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TIP: Thin Coats vs. Thick, Which Is Better and Why?

coat evaporation oxygen solvent the finishing store varnish wood woodfinishing woodwork woodworking

It’s common to hear the instruction that it’s better to apply several thin coats than one thick one. Why is this so? Or is it?

What’s involved is drying time, nothing more. Thinner coats of all finishes dry faster than thicker coats. The difference is great enough that you can build the same thickness with several thin coats in less time than you can get that thickness with a thick coat. But the thick coat will eventually dry just as hard and perform just as well as many thin coats.

Shellac and lacquer dry entirely by solvent evaporation. The solvent evaporates much quicker from a thinly applied coat than from a thick coat because it takes much more time for the solvent at the bottom of the thick coat to work its way up through the finish and out into the air.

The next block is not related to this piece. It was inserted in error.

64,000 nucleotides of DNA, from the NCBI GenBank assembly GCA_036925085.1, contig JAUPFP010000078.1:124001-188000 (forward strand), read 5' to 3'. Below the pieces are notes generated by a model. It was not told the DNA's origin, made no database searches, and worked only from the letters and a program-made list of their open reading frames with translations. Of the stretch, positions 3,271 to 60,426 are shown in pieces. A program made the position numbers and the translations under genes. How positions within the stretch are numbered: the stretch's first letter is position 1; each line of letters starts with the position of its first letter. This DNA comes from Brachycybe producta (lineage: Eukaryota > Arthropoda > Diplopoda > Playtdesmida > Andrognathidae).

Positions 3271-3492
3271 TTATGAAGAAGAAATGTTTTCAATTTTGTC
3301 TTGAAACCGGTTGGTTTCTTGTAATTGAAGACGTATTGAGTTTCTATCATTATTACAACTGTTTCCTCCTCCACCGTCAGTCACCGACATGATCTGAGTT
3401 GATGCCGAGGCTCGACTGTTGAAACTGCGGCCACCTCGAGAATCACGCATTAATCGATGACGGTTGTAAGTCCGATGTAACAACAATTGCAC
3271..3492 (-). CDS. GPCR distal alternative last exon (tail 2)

Varnish, including polyurethane varnish, dries by the crosslinking of the molecules in the presence of oxygen. It takes much longer for oxygen to work its way to the bottom of a thickly applied varnish than a thin varnish coat.

Water-based finish dries by both solvent evaporation and some crosslinking, so the result is the same. It takes much more time for a thick coat to dry than several thin coats.

Of course, oil finishes don’t dry hard at all, so coats must always be as thin as possible, accomplished by wiping off all the excess.



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